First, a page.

Chanel’s new CEO: Leena Nair’s rise from India
Children play games with Leena Nair (2nd R) when she was the executive director of HR at Unilever, during a Global Handwashing Day event in Mumbai, India on October 15, 2012. (Photo by Ritam Banerjee/Getty Images for Unilever)
LEENA NAIR, who will become the new CEO of French fashion house Chanel in January, has joined a long list of Indian-origin corporate executives steering global brands.
She is the first female, first Asian and youngest-ever chief human resource officer at Unilever, the company she joined as a management trainee nearly 30 years ago and rose through the ranks.
On her new role, she said on Twitter, “I am humbled and honoured to be appointed the Global Chief Executive Officer of @CHANEL, an iconic and admired company”.
“I will always be a proud advocate of @Unilever and its ambition to make sustainable living commonplace,” she said of the brand she is leaving.
According to the British Indian, building a gender-balanced workplace has been one of her priorities and she strove to promote diversity and inclusion.
Born in 1969 in Kolhapur, a city in Maharashtra, India, Nair graduated in electronics and telecommunication at Walchand College of Engineering in nearby Sangli.
She obtained her master’s degree in business management with a gold medal from the noted institute XLRI, before joining Hindustan Unilever, the Indian arm of the British consumer goods giant Unilever, in 1992.
Fifteen years later, she became the first woman to be appointed to the company’s south Asia leadership team, where she led the talent and organisation strategy.
An advocate of compassionate leadership and dreaming big, Nair was elevated as the chief HR officer and in 2016 became a member of the Unilever leadership executive, where she was responsible for the company’s human capital needs.
Nair speaks four languages English, Hindi, Marathi and Malayalam and said she feels her purpose is to “ignite the human spark to build a better business and a better world”.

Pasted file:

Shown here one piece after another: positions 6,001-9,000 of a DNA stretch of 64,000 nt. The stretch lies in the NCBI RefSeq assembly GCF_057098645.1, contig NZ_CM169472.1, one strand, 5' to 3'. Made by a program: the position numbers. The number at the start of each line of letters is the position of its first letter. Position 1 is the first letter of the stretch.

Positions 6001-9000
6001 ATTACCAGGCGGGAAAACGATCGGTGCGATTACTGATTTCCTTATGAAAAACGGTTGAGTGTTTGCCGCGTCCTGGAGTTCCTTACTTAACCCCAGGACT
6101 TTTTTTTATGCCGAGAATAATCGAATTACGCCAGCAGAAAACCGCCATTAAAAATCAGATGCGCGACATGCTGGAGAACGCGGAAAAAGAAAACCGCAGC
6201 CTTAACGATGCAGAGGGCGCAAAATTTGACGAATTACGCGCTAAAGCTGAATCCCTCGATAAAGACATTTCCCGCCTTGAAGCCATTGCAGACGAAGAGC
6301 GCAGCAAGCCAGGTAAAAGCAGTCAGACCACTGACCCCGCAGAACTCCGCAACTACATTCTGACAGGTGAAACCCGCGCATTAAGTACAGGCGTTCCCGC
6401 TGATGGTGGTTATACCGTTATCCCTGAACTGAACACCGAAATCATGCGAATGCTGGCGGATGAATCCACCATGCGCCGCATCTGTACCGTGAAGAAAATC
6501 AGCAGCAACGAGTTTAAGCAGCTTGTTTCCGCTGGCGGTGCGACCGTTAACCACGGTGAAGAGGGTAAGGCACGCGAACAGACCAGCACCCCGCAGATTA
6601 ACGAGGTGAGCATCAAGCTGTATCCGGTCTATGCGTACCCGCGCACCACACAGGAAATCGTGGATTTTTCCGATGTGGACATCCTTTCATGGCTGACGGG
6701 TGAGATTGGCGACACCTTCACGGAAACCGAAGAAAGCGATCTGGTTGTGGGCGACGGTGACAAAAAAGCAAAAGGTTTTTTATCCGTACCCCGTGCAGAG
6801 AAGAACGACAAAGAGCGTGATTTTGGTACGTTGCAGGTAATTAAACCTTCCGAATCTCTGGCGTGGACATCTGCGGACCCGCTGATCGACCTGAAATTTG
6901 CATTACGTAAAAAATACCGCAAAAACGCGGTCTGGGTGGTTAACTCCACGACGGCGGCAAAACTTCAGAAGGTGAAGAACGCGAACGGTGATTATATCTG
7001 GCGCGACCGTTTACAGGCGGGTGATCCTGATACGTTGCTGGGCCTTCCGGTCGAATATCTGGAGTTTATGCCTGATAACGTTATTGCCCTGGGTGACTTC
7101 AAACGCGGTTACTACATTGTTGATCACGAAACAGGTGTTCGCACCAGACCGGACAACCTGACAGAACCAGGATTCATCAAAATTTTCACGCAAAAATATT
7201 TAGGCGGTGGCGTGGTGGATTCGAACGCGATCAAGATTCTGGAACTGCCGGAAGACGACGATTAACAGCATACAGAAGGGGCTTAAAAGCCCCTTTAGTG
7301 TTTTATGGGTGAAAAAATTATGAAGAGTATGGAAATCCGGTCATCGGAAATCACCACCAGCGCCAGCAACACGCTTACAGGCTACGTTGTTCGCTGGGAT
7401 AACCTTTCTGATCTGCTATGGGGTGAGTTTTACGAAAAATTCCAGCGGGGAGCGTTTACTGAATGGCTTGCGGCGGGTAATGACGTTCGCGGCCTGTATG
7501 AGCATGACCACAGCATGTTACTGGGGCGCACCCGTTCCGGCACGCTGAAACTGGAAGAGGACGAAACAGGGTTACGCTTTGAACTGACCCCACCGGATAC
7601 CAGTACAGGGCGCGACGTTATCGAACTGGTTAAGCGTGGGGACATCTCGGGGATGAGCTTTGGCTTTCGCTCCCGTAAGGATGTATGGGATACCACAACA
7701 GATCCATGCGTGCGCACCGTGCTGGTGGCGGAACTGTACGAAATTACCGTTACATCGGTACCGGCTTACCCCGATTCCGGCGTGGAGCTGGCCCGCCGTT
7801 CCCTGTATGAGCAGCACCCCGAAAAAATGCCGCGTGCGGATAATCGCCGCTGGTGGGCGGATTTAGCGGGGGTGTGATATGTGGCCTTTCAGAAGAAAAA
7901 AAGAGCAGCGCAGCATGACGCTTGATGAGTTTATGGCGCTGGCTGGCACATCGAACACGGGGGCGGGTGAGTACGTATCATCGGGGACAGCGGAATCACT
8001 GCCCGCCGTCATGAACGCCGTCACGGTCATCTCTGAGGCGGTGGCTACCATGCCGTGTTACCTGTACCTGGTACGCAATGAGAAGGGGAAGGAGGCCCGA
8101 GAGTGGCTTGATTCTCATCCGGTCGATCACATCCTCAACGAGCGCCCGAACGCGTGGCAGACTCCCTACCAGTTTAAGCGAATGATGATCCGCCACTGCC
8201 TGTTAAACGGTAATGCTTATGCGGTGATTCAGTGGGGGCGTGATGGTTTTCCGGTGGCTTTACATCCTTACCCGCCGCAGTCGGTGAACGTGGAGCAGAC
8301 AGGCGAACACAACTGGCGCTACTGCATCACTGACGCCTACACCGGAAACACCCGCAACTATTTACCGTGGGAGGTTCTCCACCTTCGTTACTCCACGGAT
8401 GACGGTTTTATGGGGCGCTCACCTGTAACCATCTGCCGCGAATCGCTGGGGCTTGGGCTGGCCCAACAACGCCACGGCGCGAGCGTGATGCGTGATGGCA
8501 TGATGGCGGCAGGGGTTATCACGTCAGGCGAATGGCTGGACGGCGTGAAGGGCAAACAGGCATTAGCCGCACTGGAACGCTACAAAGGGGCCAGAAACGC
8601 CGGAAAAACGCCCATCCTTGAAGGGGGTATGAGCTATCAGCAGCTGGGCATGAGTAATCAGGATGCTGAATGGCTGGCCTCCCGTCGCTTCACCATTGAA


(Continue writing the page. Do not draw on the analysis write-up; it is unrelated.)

Being “open to feedback” and constant learning has helped her in her time at Unilever, which has operations in 190 countries.
“I have always been open to feedback. Well, perhaps not from the start! After taking a few knocks along the way, I realised that I needed to hear feedback so that I didn’t continue to make the same mistakes. Being open to feedback and learning helps you take risks and be flexible,” she told Learnbly earlier this year.
Nair was previously a non-executive board member at British telecom company BT and a steering committee member of the World Economic Forum.
She has said it is important to “adapt to every culture”.
In November 2008, Nair witnessed terrorism from close quarters as she was caught up in Mumbai’s Taj Mahal hotel when it came under attack from armed militants.
“When terrorists attacked the Taj in Mumbai, I was stuck in the hotel with the Unilever senior team and my spouse. It was the hardest, most difficult night I have ever been through. Debris was constantly falling, and you could hear gunshots and screams throughout the night. You’re hiding in a corner of the room, desperately hoping that you’re not found…”
But she and her team escaped through a window, helped by a rescue team.